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Clerk

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xx Batman Forever: Redbook Cut
« Thread started on: Nov 15th, 2014, 10:19pm »

Anyone heard of this?

So remember all those rumors of a Director's Cut for Forever? Someone actually tried to make it, and then some.

https://www.youtube.com/watch?v=LmVS59dKpTY

They added in all the "darker" deleted scenes, removed as much camp as possible, and toned down the color palette.

And it sucked.

In the years since the Nolan trilogy appeared, Ive grown soft on the Schumacher movies. When Batman Forever and B&R were half your Batman movies, it made sense to be mad, but since then they've kinda taken their place in history. Now, I believe that they perfectly capture the 1950's era of Batman. (I think Ive actually watched Batman Forever more than Dark Knight Rises in the past 2 years. Ask me how I feel about DKR in 20 years).

So watching the "dark" cut totally removed any charm that Forever had. No Batman in the court room, no more neon, no cheesy 90s jokes. It felt lifeless.

If you happen upon the cut then you should check it out for curiosity sake, but Im thinking Batman Forever is good as it is.
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Will

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xx Re: Batman Forever: Redbook Cut
« Reply #1 on: Nov 21st, 2014, 04:54am »

I don't know if I can watch Forever in any form. I tried a couple years ago -- name a hypothetical, disgusting curiosity as stand-in for the general idea -- and I couldn't get past the first twenty minutes. Tommy Lee Jones alone is so terrible that the movie is nearly unwatchable.

I feel like the general idea of of Forever -- the gayness=camp and pure pop product placement in place of the '60s Pop Zeitgeist -- is strongly associated with the West series, but the aesthetic is simultaneously divorced from that moment almost altogether. After all, what is pop if not the moment? BF (isn't that evocative?!) takes the psychosexual fetishism inherent and visualized in Burton's films, then subverts the Burton view of Wayne (basically a depressive, violent, schizophrenic child-monster), or transmutes it, into a suggestive sexual identity crisis.

You know, kid friendly stuff.

So because its a generation or three down the line from the Campbell's Soup Can, somehow it feels divorced from it though an ad for the Golden Arches. Dissonance.

I'd guess the "lost scenes" would be a vague disaster instead of a great or interesting disaster. The notion of the red book is, again, somewhere between Burton and Schumacher; the problem being that it resolves the internal conflict in the character, which the film expresses anyway through its sex/partner conflict/resolution. The more direct, dramatic problem for the film is that Schumacher had no interest in what the prior films explored and Val Kilmer was doing an almost pitch perfect impression of Adam West. Stiff as a board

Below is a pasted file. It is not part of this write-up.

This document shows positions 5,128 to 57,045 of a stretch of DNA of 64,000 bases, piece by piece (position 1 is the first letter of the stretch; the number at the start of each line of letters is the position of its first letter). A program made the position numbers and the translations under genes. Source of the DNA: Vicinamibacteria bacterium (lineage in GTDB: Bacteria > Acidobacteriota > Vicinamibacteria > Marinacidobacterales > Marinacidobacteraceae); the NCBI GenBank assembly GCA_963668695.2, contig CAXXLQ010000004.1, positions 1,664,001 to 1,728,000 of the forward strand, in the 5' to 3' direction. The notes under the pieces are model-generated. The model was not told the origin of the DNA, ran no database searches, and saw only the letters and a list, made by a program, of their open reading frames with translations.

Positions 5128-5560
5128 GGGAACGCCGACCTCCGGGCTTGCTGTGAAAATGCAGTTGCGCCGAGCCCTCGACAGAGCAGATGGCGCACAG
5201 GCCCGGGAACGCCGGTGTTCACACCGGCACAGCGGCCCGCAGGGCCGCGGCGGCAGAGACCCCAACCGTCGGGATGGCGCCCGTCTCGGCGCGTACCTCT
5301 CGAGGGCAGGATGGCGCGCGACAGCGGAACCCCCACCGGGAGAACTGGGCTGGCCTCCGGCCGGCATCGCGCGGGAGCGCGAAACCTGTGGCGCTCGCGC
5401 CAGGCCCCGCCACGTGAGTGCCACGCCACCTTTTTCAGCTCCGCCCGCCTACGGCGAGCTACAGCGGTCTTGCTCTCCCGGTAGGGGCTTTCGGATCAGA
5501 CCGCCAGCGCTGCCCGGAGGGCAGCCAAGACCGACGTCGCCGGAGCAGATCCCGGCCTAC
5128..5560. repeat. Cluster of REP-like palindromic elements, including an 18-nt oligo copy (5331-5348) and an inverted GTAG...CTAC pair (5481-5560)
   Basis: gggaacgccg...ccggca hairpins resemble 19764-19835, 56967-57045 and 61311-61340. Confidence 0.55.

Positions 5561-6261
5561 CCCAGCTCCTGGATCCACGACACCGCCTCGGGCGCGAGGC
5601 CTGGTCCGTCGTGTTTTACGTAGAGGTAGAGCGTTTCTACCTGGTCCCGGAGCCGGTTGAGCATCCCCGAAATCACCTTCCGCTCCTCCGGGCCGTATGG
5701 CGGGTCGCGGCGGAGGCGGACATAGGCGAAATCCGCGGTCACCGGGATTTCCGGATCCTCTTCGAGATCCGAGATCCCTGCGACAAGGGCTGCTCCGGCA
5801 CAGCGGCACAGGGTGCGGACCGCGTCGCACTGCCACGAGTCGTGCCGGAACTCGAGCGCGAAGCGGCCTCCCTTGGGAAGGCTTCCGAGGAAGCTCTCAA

Forever was a compromised production that was oddly predicted by the films before it, whether it be Selina-Kyle-as-Frankenstein's-monster or a Batmobile that was more purely phallic than what Schumacher commissioned from Giger. It sold tie-in partners' kiddy items more effectively than Returns and had a few mentions of psychological torment (while Kilmer stares blankly or *stares blankly with his mouth hanging open*) which let it, I guess generally, play as a positive compromise during its initial run.

Of course, Returns also predicts the demise of Burton's tenure: a franchise film (that the studio meant to move Happy Meals) that centers on child abuse and, ultimately, a child killer plot. The subversion remains humorous.

Batman Forever's resolution creates Batman & Robin, the franchise wrecker. But how different are they? It feels like little more than pretense. Forever is ridiculous and awful yet the mere mention of parental loss helped it to keep its ruse of being something other than a camp toy ad. Maybe that's the biggest joke with the shrink and the Rorschach: what was the audience seeing in 1995 that made this acceptable, and what did (some of) that audience see in 1997 that made it unacceptable?

But Schumacher's trick was to marry the facile commercialism of McDonald's/etc. with his gay fetish text. Thus the aesthetic. But the best way to hide the latter, if not the former, was with the barest of occasional nods to Tim Burton (Batman's crazy and depressed; no, wait, Batman's gay and repressed). With Joel, Batman's kind of fucked up...because he's a closet case.

The idea that Shcumacher put out there of a "better" Forever would be, I'd hazard, a retroactive feint. A lie. He made the movie he wanted to. In many ways, it contains a thematic core that is personal. That it's a slight thing was always the goal. The Red Book subplot was a muddying of the waters wherein it was closer to a full compromise between old and new.

And without having seen this stuff cut back into the movie, the scenes always played as condescending exposition in any case. Basically a means to an end rather than anything truly suggestive or exploratory.

The suggestive elements of Forever have always been there. Ironic. The suggestive elements are keyed on sex, toys and Robin. I wonder if Bryan Singer noticed?

To be honest, the movies will always be flawed even in that context. I mean Schumacher manages to shoehorn in a garish homage to Adam West climbing up the side of a building (that Batmbobile scene) and even creates hilariously gay mise-en-scene through action scene explosions (flaming...) but somehow leaves out the Bat-Poles-as-homoerotic-imagery? Come on. Grant Morrison nailed that in his first issue.
« Last Edit: Nov 21st, 2014, 05:07am by Will » User IP Logged

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